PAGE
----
For a long time, Macromedia and later Adobe Flash was really the only kid on the block. If you wanted to build a rich, interactive website or software like experience in the browser – Flash was it. Later Microsoft’s Silverlight came along, but not many developers that I know actually ever used it. I supposed Java was there too, but it couldn’t compare to Flash in terms of ease for creating an engaging UI and content delivery system for the web.
For data centric apps, I use a combination of Backbone & Dust.js, with Bourbon/SASS for the CSS. But for a graphical based app – these tools would be sorely lacking. So I began researching HTML5 game development, and what people use to build immersive games to be published via the appstores, as well as a browser. This lead me to some game engines such as Phaser, Melonjs, and Kiwijs – but after experimenting with them, I decided they didn’t allow me enough control – and added bloat of things I didn’t need. I decided that a game based learning app really comes down to 3 visual elements:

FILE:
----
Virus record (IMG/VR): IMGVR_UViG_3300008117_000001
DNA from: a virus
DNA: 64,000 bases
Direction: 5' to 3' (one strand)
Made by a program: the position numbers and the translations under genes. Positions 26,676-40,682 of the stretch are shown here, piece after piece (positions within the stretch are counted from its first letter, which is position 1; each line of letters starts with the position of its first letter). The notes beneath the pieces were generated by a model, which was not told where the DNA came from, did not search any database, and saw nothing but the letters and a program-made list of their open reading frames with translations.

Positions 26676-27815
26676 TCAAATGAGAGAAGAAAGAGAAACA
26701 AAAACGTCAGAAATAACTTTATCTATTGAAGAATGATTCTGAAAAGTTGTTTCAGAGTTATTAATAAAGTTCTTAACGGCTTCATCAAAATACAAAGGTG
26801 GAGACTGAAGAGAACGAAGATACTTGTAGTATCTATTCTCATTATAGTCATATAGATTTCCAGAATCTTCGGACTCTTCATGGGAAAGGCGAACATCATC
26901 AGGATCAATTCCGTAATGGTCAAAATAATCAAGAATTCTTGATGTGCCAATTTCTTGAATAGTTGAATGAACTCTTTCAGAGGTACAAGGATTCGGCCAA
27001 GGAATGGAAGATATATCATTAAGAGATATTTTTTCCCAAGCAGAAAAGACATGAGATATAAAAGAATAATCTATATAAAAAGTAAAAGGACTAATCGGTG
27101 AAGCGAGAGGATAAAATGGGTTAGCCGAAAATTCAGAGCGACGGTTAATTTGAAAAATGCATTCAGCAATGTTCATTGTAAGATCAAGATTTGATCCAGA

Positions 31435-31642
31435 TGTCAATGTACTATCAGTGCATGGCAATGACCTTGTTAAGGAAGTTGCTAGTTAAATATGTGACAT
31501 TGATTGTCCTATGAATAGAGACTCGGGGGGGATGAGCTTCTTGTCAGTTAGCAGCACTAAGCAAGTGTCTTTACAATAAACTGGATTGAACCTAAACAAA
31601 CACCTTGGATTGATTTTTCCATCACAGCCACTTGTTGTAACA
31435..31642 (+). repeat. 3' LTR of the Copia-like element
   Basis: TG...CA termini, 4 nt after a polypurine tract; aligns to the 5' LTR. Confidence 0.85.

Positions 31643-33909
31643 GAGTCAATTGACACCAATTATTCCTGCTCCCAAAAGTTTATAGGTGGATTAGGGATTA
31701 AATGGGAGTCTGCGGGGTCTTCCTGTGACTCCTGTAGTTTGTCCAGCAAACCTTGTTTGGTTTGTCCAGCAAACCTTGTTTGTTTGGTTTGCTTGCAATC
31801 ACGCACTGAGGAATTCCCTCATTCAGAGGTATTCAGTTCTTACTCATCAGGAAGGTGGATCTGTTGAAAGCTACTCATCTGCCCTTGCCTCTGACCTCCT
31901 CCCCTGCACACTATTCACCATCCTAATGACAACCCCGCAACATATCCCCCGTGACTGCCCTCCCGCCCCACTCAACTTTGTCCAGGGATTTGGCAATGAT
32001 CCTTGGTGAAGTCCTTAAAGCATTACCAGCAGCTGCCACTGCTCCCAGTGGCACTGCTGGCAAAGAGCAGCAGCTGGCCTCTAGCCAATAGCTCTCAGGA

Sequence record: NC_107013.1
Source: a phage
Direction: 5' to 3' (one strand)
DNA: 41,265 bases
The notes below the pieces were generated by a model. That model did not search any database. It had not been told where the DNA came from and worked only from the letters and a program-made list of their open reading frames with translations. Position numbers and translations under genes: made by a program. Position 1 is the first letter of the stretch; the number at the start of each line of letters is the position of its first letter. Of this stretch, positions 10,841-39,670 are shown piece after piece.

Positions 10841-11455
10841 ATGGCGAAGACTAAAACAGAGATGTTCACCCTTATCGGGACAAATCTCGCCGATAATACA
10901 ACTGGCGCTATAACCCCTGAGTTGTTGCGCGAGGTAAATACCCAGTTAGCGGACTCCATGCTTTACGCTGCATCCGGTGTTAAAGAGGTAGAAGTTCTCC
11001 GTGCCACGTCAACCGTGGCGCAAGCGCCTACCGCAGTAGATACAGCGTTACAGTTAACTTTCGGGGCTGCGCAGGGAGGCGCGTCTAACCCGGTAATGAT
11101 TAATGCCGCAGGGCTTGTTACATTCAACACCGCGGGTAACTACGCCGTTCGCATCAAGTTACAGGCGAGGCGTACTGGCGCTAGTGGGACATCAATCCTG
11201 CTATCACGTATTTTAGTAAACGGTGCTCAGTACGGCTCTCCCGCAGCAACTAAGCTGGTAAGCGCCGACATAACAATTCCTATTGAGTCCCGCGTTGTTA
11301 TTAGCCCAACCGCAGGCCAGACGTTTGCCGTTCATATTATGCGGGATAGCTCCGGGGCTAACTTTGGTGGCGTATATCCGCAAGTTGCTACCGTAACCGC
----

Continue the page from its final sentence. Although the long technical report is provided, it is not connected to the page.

- graphic rendering of scenes & elements
- particle generation for effects
The centerpiece of many kids’ learning apps is buttery smooth drag and drop. You see this all over many of the gorgeous IOS apps for kids. I was able to achieve this using a combination of Greensock’s GSAP and Pixi, thanks to a sample generously built for me by Blake over at Greensock.
I’ll continue this post with specific examples of how what I’ve done with these libraries, with code samples.